I think that’s an exceptionally wise point of view, because he’s really focused on how do we create a great customer experience every single time a customer interacts with one of our people providing the service, the barista, and with the product, the cup of coffee.
There’s another story I heard not long ago about Method soap. These are the people who make, you’ve probably seen these very cleverly designed soap dispensers in Target, in your local grocery store, etc., and there was a fantastic interview on Mixology with the CEO of method about how they chose in the direction that they did. And the story I had heard that led me to this interview was that they said cutting steel is a marketing expense, and what they mean by that is building the molds that shape the bottle that they put the bottle in is actually where they put their marketing dollars, right, because they were trying to create this great experience.
And in this Mixology interview, the CEO Andrew Ryan said, "That’s the role of design and the fragrance and the branding and the fun of it." So we would have people who essentially, what would happen is they would see it on the shelf because of the design. They would buy it, they would smell it in the stores, they’d buy it because of the fragrance, they would get home, use it, see what works, and eventually turn the bottle around and see that it’s good for them, good for the planet. That’s what helped create this cult following, and that’s what drove a lot of the loyalty. I’m going to continue this quote because it’s really fascinating.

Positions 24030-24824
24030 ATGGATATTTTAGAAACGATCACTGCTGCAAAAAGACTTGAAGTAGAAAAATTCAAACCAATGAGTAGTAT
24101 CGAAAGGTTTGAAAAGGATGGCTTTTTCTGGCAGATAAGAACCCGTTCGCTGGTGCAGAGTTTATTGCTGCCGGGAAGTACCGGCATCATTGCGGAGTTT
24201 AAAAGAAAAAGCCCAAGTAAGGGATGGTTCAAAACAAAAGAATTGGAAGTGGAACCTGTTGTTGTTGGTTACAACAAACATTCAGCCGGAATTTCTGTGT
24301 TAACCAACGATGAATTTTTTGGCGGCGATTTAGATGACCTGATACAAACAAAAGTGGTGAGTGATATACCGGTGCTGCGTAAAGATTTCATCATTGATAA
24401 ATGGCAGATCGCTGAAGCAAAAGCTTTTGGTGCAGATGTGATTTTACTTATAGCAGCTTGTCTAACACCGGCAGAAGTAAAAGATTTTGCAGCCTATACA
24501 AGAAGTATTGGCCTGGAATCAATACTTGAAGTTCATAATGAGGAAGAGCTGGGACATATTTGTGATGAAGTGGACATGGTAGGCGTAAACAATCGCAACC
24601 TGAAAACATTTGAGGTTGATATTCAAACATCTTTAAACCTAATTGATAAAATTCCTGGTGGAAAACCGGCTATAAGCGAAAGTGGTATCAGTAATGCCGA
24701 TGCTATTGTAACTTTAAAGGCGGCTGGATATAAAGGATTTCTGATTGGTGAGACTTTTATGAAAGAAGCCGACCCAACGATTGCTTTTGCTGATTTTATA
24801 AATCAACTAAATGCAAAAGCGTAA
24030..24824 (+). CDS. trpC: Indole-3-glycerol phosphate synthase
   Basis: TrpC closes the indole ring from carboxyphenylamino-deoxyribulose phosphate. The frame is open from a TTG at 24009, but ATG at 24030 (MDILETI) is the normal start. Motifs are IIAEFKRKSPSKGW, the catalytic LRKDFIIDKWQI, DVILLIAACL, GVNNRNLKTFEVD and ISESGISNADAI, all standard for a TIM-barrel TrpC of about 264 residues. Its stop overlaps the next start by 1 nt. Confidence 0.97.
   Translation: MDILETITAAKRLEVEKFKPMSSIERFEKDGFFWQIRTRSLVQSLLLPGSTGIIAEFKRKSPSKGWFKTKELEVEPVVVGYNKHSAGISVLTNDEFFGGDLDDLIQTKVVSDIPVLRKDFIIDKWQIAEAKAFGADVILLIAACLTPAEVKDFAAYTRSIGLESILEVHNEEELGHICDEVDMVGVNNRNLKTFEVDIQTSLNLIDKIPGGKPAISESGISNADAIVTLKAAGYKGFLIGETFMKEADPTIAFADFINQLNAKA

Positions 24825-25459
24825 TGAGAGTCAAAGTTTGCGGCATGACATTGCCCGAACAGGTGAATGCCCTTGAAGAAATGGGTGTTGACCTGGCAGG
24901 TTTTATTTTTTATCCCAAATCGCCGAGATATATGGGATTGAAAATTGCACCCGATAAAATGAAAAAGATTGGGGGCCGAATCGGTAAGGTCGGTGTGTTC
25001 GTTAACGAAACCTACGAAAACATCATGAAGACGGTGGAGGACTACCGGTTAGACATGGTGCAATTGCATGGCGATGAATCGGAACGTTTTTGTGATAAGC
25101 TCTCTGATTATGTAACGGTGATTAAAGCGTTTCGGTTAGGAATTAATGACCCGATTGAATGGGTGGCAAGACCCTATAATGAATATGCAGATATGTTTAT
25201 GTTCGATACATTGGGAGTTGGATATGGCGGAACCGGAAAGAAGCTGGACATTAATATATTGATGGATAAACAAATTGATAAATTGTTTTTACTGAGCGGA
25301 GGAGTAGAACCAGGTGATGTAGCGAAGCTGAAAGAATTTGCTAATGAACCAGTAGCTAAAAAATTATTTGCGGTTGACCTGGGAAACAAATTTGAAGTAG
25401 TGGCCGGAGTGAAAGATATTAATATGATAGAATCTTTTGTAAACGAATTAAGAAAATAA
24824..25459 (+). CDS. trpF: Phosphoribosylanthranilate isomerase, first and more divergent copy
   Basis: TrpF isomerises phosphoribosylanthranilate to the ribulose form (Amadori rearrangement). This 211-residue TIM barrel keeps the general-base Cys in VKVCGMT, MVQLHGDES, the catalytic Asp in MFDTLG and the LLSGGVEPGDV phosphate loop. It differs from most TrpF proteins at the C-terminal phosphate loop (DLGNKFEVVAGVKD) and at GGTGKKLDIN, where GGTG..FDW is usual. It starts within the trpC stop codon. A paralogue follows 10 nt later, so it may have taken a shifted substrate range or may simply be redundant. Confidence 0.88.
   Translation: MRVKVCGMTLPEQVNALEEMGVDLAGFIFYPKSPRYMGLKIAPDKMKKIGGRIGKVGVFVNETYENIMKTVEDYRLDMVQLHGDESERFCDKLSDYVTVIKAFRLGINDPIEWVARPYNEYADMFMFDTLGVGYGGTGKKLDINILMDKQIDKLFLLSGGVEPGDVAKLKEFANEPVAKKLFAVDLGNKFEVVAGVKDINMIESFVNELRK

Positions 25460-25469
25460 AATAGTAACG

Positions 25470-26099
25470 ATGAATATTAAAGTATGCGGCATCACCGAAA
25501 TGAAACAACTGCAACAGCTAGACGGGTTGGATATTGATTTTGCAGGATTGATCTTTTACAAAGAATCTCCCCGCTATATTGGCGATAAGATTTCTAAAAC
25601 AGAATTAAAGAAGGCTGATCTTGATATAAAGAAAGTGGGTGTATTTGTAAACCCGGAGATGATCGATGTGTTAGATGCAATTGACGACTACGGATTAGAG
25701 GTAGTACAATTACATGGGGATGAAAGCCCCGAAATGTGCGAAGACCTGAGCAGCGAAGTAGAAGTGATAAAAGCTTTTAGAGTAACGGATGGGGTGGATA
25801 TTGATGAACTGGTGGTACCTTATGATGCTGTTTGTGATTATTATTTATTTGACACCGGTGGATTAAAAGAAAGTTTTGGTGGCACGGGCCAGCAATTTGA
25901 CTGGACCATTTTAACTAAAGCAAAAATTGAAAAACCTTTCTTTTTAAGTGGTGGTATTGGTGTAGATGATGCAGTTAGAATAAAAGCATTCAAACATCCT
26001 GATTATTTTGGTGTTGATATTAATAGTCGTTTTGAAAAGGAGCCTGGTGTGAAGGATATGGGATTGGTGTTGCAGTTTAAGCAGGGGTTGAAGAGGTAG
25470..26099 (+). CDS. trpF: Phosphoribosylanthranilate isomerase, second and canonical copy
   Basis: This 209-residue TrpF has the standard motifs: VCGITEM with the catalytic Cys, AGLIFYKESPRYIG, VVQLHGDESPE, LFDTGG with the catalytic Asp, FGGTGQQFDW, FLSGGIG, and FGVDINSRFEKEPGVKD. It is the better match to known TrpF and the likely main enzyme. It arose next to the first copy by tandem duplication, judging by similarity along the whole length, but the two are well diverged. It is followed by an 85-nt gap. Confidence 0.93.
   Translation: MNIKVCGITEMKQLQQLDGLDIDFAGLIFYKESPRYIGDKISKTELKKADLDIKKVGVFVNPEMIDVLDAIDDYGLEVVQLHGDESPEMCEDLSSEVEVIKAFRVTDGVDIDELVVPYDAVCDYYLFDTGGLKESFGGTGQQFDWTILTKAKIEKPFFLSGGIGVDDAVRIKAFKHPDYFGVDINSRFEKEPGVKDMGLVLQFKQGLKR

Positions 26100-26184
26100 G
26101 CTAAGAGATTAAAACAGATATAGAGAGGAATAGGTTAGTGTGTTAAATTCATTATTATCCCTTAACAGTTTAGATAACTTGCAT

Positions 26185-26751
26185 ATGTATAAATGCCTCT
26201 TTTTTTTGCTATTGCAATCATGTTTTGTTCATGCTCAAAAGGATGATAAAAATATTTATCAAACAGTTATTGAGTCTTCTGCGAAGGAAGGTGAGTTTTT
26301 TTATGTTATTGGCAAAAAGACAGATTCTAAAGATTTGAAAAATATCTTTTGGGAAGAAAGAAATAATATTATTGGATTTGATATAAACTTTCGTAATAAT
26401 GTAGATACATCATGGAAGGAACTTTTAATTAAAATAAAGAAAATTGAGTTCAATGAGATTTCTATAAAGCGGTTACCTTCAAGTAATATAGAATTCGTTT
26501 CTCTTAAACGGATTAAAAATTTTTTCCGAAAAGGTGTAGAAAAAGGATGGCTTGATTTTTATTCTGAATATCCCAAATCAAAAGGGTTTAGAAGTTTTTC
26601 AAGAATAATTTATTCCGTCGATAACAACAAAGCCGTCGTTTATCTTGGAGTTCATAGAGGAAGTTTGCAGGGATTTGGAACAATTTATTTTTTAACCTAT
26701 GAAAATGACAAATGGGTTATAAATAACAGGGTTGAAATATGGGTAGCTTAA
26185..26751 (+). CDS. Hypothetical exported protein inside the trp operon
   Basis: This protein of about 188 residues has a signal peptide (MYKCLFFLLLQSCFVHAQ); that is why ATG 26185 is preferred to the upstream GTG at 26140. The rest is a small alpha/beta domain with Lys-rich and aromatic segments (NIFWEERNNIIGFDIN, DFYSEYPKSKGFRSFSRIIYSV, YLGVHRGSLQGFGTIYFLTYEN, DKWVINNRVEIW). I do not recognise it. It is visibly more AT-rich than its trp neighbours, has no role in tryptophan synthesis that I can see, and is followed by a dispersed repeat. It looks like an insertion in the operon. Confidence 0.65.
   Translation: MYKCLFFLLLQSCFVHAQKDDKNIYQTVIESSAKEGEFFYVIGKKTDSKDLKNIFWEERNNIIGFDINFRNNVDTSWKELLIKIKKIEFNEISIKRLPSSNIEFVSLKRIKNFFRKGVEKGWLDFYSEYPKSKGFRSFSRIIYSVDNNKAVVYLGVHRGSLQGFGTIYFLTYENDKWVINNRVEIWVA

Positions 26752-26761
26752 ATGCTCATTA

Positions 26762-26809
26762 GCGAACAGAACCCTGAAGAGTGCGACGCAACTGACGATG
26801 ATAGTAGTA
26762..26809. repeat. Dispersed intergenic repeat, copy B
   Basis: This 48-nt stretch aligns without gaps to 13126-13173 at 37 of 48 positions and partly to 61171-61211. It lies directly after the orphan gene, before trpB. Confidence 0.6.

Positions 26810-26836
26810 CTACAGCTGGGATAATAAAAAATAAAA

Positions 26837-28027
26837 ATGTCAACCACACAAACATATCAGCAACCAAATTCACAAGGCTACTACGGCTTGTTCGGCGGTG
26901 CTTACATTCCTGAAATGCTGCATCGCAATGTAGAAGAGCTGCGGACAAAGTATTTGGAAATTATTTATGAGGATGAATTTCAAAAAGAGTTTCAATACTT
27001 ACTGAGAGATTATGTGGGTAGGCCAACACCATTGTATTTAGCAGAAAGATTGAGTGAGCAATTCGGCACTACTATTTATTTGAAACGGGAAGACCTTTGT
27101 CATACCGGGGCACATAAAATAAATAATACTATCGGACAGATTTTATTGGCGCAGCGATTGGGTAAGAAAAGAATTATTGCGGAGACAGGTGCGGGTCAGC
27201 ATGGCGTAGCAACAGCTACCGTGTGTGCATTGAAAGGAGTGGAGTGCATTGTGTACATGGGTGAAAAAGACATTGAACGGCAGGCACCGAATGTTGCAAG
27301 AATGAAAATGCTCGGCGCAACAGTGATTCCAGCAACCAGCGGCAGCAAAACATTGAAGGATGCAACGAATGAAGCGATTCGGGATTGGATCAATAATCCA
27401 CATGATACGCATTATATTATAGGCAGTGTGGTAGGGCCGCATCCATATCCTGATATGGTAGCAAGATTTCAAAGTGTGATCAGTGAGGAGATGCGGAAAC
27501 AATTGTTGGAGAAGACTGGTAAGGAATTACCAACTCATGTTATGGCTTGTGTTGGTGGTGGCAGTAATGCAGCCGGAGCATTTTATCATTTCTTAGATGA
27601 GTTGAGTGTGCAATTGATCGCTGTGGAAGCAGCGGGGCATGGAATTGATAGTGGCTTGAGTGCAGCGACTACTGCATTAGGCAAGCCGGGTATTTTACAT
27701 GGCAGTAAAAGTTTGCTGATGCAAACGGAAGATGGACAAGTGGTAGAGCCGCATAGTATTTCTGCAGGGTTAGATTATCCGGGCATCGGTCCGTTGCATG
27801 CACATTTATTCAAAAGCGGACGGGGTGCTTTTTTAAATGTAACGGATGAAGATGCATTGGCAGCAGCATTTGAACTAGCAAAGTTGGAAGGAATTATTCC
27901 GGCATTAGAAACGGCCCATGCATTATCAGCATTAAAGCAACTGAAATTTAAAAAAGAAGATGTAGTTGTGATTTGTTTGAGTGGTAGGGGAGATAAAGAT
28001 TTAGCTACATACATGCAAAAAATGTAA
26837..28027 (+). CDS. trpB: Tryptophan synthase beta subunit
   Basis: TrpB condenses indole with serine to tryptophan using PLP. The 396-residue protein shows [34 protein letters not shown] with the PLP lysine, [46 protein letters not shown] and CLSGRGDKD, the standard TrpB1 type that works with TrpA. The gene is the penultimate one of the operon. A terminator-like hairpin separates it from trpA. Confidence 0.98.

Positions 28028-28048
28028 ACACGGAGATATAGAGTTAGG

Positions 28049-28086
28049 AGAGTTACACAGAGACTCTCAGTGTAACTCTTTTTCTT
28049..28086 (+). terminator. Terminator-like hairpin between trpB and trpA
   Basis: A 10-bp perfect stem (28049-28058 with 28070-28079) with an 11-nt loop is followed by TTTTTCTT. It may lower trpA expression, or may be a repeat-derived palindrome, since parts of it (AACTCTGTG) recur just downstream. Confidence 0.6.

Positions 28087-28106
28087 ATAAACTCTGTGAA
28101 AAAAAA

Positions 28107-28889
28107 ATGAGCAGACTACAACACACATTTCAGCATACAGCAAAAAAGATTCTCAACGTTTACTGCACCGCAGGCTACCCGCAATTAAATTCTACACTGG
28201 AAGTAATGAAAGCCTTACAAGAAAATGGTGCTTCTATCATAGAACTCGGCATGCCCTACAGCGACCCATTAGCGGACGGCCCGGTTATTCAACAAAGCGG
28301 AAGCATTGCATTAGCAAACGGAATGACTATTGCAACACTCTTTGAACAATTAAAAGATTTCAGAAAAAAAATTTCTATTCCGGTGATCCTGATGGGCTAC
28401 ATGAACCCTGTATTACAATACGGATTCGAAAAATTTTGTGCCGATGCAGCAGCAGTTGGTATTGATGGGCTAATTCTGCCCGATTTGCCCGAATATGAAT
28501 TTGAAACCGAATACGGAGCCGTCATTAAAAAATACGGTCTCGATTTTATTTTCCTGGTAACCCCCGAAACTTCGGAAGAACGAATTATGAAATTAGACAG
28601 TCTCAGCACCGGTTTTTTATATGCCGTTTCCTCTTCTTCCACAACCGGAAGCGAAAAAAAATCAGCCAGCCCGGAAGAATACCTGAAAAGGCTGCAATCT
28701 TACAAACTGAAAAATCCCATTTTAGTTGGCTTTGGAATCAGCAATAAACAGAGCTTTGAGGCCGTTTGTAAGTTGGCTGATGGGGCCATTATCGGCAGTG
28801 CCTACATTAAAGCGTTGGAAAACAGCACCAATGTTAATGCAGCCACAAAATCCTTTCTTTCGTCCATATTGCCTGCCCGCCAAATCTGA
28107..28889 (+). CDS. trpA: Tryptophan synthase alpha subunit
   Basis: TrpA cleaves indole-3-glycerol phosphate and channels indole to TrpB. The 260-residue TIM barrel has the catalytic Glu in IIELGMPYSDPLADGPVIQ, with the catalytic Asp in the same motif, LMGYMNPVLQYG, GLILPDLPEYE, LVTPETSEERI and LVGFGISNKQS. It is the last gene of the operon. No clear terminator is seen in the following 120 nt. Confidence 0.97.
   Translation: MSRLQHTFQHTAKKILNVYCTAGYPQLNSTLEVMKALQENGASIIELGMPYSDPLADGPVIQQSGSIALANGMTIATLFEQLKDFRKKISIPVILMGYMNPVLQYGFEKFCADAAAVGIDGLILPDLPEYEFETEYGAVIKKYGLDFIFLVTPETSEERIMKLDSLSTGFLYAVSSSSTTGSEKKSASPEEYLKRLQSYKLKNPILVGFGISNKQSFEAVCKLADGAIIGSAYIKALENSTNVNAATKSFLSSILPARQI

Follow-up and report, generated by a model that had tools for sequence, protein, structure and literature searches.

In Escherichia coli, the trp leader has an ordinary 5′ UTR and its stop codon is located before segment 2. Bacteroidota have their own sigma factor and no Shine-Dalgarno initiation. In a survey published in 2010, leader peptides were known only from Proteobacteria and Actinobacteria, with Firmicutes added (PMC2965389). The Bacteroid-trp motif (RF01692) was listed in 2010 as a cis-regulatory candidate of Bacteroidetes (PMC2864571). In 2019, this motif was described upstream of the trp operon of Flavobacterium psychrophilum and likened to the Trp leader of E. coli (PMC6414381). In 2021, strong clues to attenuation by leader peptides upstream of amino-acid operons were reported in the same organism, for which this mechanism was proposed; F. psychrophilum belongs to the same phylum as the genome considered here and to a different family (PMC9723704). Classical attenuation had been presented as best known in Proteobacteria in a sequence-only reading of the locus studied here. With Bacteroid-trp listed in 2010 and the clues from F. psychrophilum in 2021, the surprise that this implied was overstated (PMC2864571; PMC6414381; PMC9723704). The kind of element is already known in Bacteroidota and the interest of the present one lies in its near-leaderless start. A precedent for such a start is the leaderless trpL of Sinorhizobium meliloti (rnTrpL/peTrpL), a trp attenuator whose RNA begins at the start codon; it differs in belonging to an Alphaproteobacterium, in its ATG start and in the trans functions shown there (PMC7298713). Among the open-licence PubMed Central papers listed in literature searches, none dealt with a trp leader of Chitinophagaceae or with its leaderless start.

He said, "When you talk to Method customers, you’ll find two different camps. You’ll find people who could care less about the environmental credentials of it. They just love the whole design experience of it. Then you can find people you really don’t care too much about the design, but they love the fact of our commitment to sustainability and human health."
So they’re really thinking about the overall experience right down to the packaging as opposed to a great ad campaign, or a great marketing effort.
Now, at the time, that interview was from 2012, and at the time they had had over $100 million in revenue at Target alone. Sorry, the interview was in 2017 and he said four or five years ago, so in 2012 or thereabouts. So we can safely assume they were making more than $100 million in revenue focused on design, and they were just sold to SC Johnson earlier this year for an undisclosed sum. So clearly this was having an effect. And remember, they’re competing against the Proctor & Gambles of the world who spend more money on advertising and more money on marketing than any other company in the world.
Now why did it work? Well, it worked because their customers told their story. One of the things I continually talk about with clients is, you know, how can we get customers to participate in the creation and curation of a positive brand story, or our positive brand story? Because if we can do that, we’re putting ourselves in a position to win. We’re putting ourselves in a position to really succeed.